And she kissed me, and I looked at her, she was older already, but I could see she had not been that good-looking as a girl......that is one of the great things about gettin' old, everyone hits the same level of ugly.  And plastic surgery just makes it look plastic ugly!  So now, I don't have to wear the scarf.

          (She listens, the others are urging her to get to the point)

All right, I'm getting there!  Everyone's in a rush, that's the problem with the world, too much rushing.  Anyhow, my husband, Randy was his name, he dropped dead of a heart attack at 38, shoveling snow.  No insurance, not much from the VA, so I had to work.  What could I do?  I did what I did my whole life, I took care of people.  I had taken care of my Aunt, and then my mother-in-law, the word spread, and people would call, I would be on what I called...death watch.

Waitin' for people to die.  But then, one day, oh, this was about twenty years ago, I was takin' care of a man, Mr. Hutchison, his name was, a nice man.  He used to watch me when I cleaned up his room.  He hated a messy room.  He was almost blind and could barely go to the bathroom, so I had to help, and then he started having accidents, so we're onto diaper duty, and I could see he was a little embarrassed at first, then one day, I went by his bed and he touched me.  You know...he touched me.  And when I pulled away, he held my hand.

'Please' he said, 'I just want you to touch me.....but not because of a diaper.  Because I'm a man.'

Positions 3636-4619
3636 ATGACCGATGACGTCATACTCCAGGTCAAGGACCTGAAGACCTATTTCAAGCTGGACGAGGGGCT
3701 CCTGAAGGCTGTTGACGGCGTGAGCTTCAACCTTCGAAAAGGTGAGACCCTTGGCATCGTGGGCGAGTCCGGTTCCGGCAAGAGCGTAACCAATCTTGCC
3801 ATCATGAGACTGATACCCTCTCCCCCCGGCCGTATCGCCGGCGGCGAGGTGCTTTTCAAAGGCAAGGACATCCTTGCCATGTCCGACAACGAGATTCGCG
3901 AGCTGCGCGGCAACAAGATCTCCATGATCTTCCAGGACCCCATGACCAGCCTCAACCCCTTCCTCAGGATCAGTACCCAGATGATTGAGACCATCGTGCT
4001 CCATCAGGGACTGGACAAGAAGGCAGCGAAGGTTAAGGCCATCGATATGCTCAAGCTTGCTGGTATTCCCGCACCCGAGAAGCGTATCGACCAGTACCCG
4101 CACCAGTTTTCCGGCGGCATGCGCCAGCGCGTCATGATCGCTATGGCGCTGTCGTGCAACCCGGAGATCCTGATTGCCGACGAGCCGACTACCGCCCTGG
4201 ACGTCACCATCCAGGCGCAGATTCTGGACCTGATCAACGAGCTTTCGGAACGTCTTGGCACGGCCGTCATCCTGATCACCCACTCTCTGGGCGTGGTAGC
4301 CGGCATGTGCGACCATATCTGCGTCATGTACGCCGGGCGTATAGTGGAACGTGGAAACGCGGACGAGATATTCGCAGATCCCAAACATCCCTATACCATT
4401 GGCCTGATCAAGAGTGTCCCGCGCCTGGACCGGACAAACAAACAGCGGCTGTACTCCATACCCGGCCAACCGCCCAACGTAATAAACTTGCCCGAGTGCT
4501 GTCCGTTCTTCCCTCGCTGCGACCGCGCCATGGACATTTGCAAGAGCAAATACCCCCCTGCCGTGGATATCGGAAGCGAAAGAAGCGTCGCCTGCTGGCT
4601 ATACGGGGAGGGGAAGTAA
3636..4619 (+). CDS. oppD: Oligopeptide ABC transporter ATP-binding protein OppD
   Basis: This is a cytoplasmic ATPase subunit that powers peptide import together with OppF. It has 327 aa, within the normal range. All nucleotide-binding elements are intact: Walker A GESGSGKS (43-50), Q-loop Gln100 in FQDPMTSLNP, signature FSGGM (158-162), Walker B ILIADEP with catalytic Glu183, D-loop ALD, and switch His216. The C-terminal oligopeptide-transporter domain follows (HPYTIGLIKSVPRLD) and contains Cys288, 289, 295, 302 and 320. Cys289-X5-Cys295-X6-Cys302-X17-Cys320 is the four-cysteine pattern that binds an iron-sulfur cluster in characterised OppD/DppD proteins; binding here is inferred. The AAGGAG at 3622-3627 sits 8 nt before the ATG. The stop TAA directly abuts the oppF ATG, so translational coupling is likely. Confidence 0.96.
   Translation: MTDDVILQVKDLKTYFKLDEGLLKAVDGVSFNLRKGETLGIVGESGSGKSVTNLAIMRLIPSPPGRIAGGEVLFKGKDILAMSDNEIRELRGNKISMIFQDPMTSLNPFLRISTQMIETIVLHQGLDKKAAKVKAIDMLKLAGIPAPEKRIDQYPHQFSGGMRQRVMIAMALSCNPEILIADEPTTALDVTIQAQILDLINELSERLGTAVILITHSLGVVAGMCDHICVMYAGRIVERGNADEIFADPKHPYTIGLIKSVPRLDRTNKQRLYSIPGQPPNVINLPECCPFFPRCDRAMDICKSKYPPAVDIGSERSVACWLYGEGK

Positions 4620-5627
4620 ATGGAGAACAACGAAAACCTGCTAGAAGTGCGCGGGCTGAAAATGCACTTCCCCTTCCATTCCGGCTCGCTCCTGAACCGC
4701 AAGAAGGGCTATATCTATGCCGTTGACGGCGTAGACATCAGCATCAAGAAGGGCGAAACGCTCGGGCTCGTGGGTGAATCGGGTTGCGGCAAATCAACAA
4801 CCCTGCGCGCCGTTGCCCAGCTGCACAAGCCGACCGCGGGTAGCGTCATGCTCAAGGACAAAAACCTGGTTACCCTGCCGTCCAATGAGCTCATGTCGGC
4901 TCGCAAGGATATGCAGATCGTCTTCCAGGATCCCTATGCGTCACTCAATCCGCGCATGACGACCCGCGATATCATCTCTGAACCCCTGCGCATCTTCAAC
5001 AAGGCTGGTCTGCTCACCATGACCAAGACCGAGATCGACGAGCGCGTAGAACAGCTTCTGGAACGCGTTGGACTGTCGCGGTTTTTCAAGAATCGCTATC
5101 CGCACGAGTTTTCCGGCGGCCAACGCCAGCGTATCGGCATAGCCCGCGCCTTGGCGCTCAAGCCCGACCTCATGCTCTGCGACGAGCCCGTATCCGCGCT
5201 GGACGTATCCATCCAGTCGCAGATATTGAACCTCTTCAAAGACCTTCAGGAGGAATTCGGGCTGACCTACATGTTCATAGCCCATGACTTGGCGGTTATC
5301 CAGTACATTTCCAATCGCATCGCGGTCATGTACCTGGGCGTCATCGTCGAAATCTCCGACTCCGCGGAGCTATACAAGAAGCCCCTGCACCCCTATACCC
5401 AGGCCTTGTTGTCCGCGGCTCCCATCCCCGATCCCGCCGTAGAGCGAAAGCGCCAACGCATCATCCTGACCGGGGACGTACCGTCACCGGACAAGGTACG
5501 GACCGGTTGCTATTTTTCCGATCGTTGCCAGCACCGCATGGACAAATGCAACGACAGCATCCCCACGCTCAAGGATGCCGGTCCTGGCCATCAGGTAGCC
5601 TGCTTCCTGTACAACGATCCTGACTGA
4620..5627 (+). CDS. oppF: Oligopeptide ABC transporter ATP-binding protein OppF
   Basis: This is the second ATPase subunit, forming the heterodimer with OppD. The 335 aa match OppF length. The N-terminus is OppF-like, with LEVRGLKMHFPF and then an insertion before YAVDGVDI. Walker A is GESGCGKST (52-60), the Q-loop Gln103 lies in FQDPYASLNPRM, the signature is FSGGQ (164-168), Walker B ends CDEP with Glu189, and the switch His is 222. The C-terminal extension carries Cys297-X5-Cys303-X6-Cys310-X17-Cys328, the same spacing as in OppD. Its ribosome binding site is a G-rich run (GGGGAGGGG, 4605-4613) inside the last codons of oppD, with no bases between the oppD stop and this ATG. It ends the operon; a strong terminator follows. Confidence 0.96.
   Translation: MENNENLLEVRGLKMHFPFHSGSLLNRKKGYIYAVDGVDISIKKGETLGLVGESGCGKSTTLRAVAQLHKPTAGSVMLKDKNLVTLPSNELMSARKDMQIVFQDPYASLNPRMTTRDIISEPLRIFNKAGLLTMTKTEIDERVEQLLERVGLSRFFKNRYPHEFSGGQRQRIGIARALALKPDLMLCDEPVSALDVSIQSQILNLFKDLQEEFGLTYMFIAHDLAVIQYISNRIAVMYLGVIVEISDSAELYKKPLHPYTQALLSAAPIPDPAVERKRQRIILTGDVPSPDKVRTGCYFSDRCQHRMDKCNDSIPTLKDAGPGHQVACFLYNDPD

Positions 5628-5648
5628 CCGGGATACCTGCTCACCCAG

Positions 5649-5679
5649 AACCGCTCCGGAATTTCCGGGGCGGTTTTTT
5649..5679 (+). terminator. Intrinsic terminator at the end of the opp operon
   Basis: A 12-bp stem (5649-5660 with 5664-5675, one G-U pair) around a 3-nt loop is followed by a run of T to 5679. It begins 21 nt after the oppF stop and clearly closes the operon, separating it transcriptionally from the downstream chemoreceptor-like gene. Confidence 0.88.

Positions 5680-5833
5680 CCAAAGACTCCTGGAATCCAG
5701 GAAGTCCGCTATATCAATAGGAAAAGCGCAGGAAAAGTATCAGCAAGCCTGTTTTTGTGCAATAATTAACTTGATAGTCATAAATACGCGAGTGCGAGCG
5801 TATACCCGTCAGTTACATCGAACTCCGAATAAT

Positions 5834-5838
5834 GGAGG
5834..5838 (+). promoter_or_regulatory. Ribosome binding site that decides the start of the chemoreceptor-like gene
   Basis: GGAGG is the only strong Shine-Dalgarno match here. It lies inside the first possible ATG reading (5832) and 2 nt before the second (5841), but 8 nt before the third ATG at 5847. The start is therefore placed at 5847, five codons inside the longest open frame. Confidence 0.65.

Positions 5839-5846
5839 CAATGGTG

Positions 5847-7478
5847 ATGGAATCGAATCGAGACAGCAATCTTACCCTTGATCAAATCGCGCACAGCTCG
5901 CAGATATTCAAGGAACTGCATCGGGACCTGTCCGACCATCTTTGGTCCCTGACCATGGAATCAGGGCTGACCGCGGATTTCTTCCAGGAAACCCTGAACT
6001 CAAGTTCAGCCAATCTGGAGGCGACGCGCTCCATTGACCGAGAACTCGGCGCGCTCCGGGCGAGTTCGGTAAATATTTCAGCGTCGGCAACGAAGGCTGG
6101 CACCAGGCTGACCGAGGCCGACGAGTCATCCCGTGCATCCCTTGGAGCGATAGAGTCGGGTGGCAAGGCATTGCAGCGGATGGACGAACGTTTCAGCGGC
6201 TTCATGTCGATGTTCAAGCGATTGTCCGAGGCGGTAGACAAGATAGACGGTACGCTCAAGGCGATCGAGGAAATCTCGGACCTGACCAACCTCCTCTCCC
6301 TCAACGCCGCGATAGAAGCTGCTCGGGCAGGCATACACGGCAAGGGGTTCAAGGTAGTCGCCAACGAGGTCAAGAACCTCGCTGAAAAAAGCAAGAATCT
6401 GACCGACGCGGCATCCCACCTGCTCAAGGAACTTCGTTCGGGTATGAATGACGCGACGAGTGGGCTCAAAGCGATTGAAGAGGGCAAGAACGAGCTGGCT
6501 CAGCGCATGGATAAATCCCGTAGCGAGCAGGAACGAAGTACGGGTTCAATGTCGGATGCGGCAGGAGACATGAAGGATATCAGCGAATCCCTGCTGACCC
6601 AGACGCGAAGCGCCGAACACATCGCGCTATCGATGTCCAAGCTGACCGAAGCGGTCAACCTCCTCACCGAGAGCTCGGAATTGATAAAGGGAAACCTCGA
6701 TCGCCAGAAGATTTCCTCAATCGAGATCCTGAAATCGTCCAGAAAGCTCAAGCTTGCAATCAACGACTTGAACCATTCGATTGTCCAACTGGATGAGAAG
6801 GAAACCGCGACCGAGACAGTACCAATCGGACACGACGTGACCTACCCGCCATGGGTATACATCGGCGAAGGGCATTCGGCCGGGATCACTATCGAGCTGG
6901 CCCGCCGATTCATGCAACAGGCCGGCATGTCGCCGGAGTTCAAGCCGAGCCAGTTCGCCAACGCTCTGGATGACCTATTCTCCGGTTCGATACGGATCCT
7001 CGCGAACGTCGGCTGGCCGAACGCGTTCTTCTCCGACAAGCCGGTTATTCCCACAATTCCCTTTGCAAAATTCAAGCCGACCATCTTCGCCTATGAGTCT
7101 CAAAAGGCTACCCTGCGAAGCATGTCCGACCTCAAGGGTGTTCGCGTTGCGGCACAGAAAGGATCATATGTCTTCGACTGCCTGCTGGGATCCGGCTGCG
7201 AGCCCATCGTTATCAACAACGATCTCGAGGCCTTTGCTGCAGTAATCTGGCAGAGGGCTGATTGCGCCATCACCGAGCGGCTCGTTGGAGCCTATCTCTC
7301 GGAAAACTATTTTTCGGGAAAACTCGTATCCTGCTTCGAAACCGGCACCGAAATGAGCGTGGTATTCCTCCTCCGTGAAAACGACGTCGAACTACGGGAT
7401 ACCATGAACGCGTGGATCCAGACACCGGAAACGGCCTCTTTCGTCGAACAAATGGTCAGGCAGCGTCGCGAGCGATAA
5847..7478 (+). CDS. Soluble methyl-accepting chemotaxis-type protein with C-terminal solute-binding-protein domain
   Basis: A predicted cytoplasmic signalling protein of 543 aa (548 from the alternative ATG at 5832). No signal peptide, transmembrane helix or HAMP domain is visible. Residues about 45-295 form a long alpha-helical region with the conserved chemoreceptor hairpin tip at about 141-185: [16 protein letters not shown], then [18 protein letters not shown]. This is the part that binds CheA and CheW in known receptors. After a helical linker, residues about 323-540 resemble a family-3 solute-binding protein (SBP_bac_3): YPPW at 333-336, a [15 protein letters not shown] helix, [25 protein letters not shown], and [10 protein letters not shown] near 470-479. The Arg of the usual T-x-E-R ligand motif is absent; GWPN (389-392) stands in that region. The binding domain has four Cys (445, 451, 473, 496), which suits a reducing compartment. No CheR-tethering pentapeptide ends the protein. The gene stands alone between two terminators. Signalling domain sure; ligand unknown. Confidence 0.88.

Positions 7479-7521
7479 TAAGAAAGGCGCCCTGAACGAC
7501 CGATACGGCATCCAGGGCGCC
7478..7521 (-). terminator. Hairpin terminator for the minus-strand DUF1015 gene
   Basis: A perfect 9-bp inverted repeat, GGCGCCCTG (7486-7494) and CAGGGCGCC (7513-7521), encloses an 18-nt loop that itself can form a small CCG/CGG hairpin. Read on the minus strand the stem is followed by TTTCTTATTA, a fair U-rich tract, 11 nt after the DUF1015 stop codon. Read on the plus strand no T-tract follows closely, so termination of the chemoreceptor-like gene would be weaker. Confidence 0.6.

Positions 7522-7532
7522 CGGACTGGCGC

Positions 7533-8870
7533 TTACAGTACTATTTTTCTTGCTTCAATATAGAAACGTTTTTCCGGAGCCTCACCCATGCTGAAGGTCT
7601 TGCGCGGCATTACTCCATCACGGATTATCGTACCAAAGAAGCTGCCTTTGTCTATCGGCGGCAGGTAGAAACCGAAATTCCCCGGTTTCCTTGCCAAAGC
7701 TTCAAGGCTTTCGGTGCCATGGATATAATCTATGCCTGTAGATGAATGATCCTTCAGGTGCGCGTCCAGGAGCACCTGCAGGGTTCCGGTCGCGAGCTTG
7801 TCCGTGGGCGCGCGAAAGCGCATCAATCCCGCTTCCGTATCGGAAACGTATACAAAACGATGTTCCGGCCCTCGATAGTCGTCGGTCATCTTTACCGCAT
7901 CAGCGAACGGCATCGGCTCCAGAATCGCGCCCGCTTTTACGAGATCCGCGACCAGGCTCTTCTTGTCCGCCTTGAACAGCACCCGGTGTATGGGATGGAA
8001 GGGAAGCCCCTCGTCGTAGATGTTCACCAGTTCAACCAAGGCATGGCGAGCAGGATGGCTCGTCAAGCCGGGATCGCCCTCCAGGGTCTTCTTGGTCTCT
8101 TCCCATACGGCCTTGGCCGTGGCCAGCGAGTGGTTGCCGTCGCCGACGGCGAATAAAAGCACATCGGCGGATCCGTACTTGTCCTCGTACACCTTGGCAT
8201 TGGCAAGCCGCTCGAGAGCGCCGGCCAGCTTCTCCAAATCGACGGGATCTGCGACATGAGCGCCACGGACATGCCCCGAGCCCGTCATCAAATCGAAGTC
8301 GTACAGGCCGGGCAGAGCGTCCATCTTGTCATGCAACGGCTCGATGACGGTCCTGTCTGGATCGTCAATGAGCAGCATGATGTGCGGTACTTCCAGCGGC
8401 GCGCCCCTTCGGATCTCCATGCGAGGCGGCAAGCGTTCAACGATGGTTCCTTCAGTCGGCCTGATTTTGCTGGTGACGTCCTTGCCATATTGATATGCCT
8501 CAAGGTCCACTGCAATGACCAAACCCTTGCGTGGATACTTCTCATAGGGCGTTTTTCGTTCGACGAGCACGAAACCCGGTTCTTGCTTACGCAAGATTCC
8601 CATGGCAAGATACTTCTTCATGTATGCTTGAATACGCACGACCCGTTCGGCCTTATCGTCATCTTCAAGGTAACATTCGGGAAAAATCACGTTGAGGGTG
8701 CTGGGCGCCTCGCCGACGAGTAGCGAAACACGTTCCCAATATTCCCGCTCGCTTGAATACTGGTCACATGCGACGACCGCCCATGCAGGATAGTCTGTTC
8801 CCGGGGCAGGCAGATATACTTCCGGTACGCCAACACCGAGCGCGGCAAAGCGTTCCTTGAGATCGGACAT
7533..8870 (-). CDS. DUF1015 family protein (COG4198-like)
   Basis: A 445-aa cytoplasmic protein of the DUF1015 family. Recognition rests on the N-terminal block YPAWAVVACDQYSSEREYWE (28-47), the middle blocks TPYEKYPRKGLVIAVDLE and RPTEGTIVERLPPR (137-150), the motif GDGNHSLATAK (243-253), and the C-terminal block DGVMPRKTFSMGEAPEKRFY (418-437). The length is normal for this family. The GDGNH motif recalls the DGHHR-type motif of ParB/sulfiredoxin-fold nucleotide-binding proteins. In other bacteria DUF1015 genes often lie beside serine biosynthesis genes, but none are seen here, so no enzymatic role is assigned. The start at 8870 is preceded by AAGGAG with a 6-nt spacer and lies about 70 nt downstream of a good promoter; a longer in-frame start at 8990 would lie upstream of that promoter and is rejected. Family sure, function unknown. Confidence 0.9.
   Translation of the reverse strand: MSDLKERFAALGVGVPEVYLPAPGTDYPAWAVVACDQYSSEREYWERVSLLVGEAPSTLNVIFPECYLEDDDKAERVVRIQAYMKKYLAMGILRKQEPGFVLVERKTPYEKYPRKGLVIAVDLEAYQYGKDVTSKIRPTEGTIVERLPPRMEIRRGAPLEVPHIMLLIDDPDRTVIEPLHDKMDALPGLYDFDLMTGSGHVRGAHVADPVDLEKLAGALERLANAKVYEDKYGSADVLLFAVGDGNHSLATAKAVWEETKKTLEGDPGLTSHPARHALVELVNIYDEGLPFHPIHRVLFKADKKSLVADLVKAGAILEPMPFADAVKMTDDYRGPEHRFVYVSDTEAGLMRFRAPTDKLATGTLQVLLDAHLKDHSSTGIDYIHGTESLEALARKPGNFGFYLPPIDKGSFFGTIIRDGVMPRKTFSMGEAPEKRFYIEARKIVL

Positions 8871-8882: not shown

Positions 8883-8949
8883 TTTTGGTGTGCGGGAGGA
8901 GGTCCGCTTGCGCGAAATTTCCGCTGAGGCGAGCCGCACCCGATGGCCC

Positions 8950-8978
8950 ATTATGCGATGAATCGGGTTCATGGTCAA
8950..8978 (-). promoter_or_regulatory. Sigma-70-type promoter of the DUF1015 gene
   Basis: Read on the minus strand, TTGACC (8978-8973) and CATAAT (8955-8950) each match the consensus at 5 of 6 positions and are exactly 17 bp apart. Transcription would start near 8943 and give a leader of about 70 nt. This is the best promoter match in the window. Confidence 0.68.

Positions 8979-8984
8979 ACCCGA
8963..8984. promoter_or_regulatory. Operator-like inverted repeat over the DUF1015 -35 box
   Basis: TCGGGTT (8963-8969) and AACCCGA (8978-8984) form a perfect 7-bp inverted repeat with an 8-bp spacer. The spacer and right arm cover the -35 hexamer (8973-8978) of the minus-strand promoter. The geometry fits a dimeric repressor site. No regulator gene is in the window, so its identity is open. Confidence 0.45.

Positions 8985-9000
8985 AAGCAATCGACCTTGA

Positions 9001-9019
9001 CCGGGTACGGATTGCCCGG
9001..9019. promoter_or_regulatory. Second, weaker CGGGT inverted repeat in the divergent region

I thought I'd be horrified, but I wasn't because I understood.  And then he said.....(she is very moved by this).....'You are so beautiful, Yolanda.'

I almost cried, no one had ever said that to me before.  Not my parents who left me, not Aunt Anita, not even my husband could handle that lie, but here, he said it, and I knew he meant it, even if he was blind.

And then he told me he had a hundred dollar bill hidden under his mattress.  Now in those days, $100 was all I was making a week, live-in, and my car's just had a leak in the radiator, so I thought...what the hell?  He saw that I was hesitating, so he says, 'Don't worry, I can't do anything anymore, so you won't get pregnant'  ....and we both laughed.

No one was I took off his diaper, and..... I touched him, and he was so happy.  He wasn't a rich man, but he gave me nice tips every week, and when he died, his daughter gave me a check for $5,000.  She told me he left it for me in his will, but I think she knew what was going on.  She said she knew I made him happy, that she knew he appreciated the good care.  That I had ...what did she call it?.......helping hands.

        (Looks at the girl again, laughs)

Oh, you can sit there judging me, but I'll bet you voted to give old people  the right to smoke that marijuana......funny, smoking is bad, then it's good, but sex, even with all the things you see now on the TV, sex is somehow still only for young people!

But it's not.  And after Mr. H, I decided he was probably not the only older man in.....such circumstances, and I found these men, and I have money saved, and the last gentleman who I took care of, Mr. Eddie, he left me $50,000, so right now, I'm taking some time off, and in my time off, I'm taking care of my cousin who just broke her hip.  Because that's I do.....I help.

          (She holds up her hands)

With my helping hands......

          (Lights down.  End of scene)

Janet S. Tiger    858-736-6315 
Member Dramatists Guild since 1983
Swedenborg Hall 2006-8